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JAMA Netw Open ; 4(11): e2132563, 2021 11 01.
Article in English | MEDLINE | ID: covidwho-1499193


Importance: Although several studies have provided information on short-term clinical outcomes in children with perinatal exposure to SARS-CoV-2, data on the immune response in the first months of life among newborns exposed to the virus in utero are lacking. Objective: To characterize systemic and mucosal antibody production during the first 2 months of life among infants who were born to mothers infected with SARS-CoV-2. Design, Setting, and Participants: This prospective cohort study enrolled 28 pregnant women who tested positive for SARS-CoV-2 infection and who gave birth at Policlinico Umberto I in Rome, Italy, from November 2020 to May 2021, and their newborns. Maternal and neonatal systemic immune responses were investigated by detecting spike-specific antibodies in serum, and the mucosal immune response was assessed by measuring specific antibodies in maternal breastmilk and infant saliva 48 hours after delivery and 2 months later. Exposures: Maternal infection with SARS-CoV-2 in late pregnancy. Main Outcomes and Measures: The systemic immune response was evaluated by the detection of SARS-CoV-2 IgG and IgA antibodies and receptor binding domain-specific IgM antibodies in maternal and neonatal serum. The mucosal immune response was assessed by measuring spike-specific antibodies in breastmilk and in infant saliva, and the presence of antigen-antibody spike IgA immune complexes was investigated in breastmilk samples. All antibodies were detected using an enzyme-linked immunosorbent assay. Results: In total, 28 mother-infant dyads (mean [SD] maternal age, 31.8 [6.4] years; mean [SD] gestational age, 38.1 [2.3] weeks; 18 [60%] male infants) were enrolled at delivery, and 21 dyads completed the study at 2 months' follow-up. Because maternal infection was recent in all cases, transplacental transfer of virus spike-specific IgG antibodies occurred in only 1 infant. One case of potential vertical transmission and 1 case of horizontal infection were observed. Virus spike protein-specific salivary IgA antibodies were significantly increased (P = .01) in infants fed breastmilk (0.99 arbitrary units [AU]; IQR, 0.39-1.68 AU) vs infants fed an exclusive formula diet (0.16 AU; IQR, 0.02-0.83 AU). Maternal milk contained IgA spike immune complexes at 48 hours (0.53 AU; IQR, 0.25-0.39 AU) and at 2 months (0.09 AU; IQR, 0.03-0.17 AU) and may have functioned as specific stimuli for the infant mucosal immune response. Conclusions and Relevance: In this cohort study, SARS-CoV-2 spike-specific IgA antibodies were detected in infant saliva, which may partly explain why newborns are resistant to SARS-CoV-2 infection. Mothers infected in the peripartum period appear to not only passively protect the newborn via breastmilk secretory IgA but also actively stimulate and train the neonatal immune system via breastmilk immune complexes.

COVID-19/immunology , Immunoglobulin A/immunology , Milk, Human/immunology , Pregnancy Complications, Infectious/immunology , Adult , COVID-19/blood , COVID-19/transmission , COVID-19 Serological Testing , Female , Humans , Immunoglobulin A/isolation & purification , Immunoglobulin G/immunology , Immunoglobulin G/isolation & purification , Infant , Infant, Newborn , Infectious Disease Transmission, Vertical/prevention & control , Male , Pregnancy , Pregnancy Complications, Infectious/blood , Prospective Studies , SARS-CoV-2 , Saliva/immunology , Spike Glycoprotein, Coronavirus/immunology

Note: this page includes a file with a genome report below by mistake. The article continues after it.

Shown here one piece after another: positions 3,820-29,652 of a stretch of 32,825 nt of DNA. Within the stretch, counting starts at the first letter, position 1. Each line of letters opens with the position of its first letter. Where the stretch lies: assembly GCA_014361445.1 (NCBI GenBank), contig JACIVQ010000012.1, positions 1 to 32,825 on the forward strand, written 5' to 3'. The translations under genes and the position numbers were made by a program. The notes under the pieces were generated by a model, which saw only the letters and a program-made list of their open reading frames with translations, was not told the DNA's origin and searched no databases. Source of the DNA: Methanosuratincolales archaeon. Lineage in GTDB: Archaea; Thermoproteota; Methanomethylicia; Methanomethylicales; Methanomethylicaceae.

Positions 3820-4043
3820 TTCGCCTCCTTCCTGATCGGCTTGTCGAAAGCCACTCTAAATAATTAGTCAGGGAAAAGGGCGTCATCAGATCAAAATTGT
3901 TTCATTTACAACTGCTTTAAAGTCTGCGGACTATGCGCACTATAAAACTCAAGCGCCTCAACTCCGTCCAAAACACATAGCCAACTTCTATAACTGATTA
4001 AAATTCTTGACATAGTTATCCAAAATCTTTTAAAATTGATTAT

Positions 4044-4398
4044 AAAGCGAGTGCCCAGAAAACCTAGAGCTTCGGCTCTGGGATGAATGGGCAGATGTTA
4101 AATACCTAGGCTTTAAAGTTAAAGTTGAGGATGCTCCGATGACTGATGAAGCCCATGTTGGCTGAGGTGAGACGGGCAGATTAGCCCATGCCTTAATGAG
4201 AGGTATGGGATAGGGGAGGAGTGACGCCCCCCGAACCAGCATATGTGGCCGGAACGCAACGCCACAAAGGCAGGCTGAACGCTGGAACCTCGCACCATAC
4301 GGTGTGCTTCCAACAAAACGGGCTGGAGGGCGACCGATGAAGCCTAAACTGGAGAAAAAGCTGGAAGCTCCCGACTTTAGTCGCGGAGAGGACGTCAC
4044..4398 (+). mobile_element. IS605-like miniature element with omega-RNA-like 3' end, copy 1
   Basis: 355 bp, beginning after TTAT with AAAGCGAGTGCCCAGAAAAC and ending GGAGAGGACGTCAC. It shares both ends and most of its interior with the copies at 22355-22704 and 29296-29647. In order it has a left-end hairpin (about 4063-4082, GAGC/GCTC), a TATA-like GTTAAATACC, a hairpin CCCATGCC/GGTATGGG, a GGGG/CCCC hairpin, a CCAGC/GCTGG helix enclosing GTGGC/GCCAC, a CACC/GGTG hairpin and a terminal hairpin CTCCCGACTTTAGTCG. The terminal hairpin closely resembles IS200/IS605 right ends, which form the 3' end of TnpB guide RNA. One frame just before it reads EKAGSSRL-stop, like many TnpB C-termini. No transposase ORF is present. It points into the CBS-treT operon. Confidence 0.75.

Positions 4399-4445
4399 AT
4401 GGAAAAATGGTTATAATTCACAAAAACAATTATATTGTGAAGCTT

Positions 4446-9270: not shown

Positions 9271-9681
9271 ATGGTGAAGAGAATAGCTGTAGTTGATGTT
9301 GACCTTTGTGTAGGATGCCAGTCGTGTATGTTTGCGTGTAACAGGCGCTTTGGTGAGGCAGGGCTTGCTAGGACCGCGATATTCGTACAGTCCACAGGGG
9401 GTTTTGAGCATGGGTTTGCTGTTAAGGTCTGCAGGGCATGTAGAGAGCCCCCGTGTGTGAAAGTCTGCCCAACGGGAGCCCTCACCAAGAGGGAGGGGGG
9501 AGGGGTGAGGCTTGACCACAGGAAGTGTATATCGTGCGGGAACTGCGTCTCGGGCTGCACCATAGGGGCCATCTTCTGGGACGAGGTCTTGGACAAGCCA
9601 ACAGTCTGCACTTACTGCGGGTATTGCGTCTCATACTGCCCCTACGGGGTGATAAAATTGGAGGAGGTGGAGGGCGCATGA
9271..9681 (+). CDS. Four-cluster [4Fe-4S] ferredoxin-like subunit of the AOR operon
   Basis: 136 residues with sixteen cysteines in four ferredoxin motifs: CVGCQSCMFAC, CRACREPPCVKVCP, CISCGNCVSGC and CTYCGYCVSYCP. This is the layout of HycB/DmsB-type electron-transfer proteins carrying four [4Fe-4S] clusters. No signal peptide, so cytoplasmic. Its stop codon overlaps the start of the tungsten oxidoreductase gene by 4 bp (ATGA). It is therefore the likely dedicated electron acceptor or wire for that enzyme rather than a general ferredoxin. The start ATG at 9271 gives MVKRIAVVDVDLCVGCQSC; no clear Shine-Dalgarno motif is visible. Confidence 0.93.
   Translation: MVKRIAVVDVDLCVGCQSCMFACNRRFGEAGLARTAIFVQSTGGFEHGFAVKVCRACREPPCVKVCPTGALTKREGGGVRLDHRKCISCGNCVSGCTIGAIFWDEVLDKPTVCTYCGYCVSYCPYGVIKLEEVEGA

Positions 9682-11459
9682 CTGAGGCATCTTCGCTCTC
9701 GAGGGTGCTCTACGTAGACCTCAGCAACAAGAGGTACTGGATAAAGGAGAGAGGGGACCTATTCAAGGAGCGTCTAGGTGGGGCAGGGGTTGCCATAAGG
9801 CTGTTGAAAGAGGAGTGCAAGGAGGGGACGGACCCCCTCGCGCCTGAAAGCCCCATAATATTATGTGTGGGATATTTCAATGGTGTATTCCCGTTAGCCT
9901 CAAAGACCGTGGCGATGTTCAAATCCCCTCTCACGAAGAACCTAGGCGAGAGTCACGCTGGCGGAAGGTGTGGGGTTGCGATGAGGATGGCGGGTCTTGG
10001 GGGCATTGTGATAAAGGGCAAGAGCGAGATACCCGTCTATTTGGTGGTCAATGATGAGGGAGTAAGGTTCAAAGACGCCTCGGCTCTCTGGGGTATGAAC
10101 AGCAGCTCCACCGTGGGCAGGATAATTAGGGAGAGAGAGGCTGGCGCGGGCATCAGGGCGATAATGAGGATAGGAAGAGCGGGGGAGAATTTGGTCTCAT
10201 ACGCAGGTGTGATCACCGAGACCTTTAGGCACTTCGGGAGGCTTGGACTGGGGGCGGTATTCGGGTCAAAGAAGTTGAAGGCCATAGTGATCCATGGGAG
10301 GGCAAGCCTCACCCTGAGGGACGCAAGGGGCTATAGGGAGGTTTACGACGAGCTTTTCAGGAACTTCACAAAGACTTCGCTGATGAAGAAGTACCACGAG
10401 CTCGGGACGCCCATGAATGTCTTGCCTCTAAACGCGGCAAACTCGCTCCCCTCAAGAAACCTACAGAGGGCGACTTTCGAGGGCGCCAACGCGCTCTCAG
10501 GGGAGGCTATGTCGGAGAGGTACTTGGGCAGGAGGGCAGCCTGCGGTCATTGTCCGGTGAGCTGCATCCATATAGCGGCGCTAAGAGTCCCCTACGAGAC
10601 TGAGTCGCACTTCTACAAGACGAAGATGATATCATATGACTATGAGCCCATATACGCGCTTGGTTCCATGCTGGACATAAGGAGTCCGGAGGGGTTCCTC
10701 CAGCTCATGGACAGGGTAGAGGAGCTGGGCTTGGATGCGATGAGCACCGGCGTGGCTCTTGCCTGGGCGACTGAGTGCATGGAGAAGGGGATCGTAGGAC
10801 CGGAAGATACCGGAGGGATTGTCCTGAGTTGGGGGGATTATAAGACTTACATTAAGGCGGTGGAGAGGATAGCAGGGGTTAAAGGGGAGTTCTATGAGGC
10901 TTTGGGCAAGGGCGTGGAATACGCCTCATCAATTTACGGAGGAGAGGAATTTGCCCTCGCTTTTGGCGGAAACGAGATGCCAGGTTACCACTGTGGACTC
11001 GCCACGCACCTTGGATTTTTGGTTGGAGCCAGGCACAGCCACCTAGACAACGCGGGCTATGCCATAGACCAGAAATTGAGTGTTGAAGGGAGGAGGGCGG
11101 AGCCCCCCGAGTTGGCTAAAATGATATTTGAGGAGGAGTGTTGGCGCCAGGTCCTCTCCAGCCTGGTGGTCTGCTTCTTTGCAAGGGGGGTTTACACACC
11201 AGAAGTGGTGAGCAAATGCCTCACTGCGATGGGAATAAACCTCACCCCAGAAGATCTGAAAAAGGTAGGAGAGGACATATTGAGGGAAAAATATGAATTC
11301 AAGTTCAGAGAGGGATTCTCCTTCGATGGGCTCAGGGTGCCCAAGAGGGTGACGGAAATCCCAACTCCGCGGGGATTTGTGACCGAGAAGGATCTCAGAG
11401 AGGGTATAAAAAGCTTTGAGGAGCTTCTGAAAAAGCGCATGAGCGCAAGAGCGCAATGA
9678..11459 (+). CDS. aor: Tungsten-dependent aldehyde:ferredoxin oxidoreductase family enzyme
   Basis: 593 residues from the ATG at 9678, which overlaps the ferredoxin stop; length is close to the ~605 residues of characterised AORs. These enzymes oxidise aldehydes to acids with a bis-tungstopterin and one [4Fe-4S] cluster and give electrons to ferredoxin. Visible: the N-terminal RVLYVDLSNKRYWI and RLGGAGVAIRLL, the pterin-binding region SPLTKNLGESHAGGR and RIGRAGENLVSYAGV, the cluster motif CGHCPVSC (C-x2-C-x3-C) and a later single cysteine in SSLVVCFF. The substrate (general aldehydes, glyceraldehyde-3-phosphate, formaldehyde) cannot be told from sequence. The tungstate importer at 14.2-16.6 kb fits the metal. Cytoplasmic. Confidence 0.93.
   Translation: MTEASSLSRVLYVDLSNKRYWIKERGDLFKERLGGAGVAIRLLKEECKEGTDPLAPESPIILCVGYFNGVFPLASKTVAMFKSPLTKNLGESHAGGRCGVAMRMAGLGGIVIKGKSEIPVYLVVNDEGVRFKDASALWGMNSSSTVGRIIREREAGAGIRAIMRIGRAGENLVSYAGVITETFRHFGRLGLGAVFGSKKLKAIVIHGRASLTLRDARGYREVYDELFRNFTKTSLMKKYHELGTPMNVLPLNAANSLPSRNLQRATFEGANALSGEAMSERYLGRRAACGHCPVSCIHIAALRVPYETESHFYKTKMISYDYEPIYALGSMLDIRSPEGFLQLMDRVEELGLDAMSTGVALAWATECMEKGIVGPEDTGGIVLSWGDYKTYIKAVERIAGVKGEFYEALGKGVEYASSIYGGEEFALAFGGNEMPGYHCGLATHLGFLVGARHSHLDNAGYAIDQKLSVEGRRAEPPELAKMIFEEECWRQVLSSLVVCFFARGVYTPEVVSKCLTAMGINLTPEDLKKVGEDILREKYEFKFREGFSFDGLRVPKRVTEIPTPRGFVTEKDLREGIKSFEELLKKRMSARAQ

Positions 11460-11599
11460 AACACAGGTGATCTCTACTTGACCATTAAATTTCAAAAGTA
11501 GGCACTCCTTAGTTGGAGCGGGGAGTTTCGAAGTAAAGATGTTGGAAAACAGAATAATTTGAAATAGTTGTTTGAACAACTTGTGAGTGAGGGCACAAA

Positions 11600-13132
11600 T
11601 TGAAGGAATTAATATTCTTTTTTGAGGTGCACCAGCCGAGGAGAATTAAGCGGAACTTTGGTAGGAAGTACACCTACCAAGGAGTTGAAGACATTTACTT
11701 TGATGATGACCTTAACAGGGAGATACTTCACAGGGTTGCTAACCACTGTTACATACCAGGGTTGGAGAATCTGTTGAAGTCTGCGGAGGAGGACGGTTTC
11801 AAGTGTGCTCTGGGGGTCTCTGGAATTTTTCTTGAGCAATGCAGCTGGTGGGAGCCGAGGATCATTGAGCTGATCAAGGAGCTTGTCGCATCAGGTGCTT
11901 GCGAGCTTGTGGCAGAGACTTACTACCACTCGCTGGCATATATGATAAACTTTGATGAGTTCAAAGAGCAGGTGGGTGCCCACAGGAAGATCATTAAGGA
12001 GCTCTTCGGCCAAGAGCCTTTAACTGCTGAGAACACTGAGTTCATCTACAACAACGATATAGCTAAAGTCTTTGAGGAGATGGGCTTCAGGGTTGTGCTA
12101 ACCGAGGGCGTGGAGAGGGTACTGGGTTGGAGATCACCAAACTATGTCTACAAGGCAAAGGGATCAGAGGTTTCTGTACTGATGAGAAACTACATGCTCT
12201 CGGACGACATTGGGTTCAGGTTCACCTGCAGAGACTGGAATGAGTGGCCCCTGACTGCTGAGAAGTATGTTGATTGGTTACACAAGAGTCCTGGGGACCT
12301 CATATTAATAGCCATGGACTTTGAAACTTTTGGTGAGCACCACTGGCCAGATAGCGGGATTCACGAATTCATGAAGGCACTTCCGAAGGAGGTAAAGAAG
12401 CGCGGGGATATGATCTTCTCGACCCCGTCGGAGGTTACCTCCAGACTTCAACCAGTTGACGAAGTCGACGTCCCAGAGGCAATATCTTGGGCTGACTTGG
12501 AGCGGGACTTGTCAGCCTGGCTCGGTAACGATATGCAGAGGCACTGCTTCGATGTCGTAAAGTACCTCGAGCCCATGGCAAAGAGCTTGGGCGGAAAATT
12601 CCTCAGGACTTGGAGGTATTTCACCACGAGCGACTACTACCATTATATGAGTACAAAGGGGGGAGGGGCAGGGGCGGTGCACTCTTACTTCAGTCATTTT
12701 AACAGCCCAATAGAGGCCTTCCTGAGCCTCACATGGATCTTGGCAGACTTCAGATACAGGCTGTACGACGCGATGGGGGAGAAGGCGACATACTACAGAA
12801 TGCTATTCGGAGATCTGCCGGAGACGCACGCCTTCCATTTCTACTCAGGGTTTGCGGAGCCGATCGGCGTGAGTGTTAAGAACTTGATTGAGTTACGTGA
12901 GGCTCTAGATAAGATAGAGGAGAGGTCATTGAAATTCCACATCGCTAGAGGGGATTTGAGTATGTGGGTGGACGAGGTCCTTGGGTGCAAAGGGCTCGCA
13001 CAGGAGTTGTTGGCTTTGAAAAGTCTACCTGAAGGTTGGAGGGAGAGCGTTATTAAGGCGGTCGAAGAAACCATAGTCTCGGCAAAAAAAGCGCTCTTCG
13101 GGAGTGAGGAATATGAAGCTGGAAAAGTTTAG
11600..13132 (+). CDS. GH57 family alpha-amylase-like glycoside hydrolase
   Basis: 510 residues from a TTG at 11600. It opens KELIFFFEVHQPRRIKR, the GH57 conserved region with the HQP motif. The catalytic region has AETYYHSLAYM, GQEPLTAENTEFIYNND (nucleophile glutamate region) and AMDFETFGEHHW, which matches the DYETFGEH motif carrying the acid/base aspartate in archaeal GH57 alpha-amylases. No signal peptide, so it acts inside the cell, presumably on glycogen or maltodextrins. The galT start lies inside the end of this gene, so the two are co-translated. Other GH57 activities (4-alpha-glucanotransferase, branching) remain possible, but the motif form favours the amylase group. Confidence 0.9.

J Clin Immunol ; 41(8): 1709-1722, 2021 11.
Article in English | MEDLINE | ID: covidwho-1474048


BACKGROUND: Data on immune responses to SARS-CoV-2 in patients with Primary Antibody Deficiencies (PAD) are limited to infected patients and to heterogeneous cohorts after immunization. METHODS: Forty-one patients with Common Variable Immune Deficiencies (CVID), six patients with X-linked Agammaglobulinemia (XLA), and 28 healthy age-matched controls (HD) were analyzed for anti-Spike and anti-receptor binding domain (RBD) antibody production, generation of Spike-specific memory B-cells, and Spike-specific T-cells before vaccination and one week after the second dose of BNT162b2 vaccine. RESULTS: The vaccine induced Spike-specific IgG and IgA antibody responses in all HD and in 20% of SARS-CoV-2 naive CVID patients. Anti-Spike IgG were detectable before vaccination in 4 out 7 CVID previously infected with SARS-CoV-2 and were boosted in six out of seven patients by the subsequent immunization raising higher levels than patients naïve to infection. While HD generated Spike-specific memory B-cells, and RBD-specific B-cells, CVID generated Spike-specific atypical B-cells, while RBD-specific B-cells were undetectable in all patients, indicating the incapability to generate this new specificity. Specific T-cell responses were evident in all HD and defective in 30% of CVID. All but one patient with XLA responded by specific T-cell only. CONCLUSION: In PAD patients, early atypical immune responses after BNT162b2 immunization occurred, possibly by extra-follicular or incomplete germinal center reactions. If these responses to vaccination might result in a partial protection from infection or reinfection is now unknown. Our data suggests that SARS-CoV-2 infection more effectively primes the immune response than the immunization alone, possibly suggesting the need for a third vaccine dose for patients not previously infected.

Antibodies, Viral/blood , COVID-19 Vaccines/immunology , COVID-19/prevention & control , Immunologic Deficiency Syndromes/immunology , SARS-CoV-2/immunology , Humans , Immunoglobulin G/blood , Immunologic Memory , Lymphocytes/immunology , Spike Glycoprotein, Coronavirus/immunology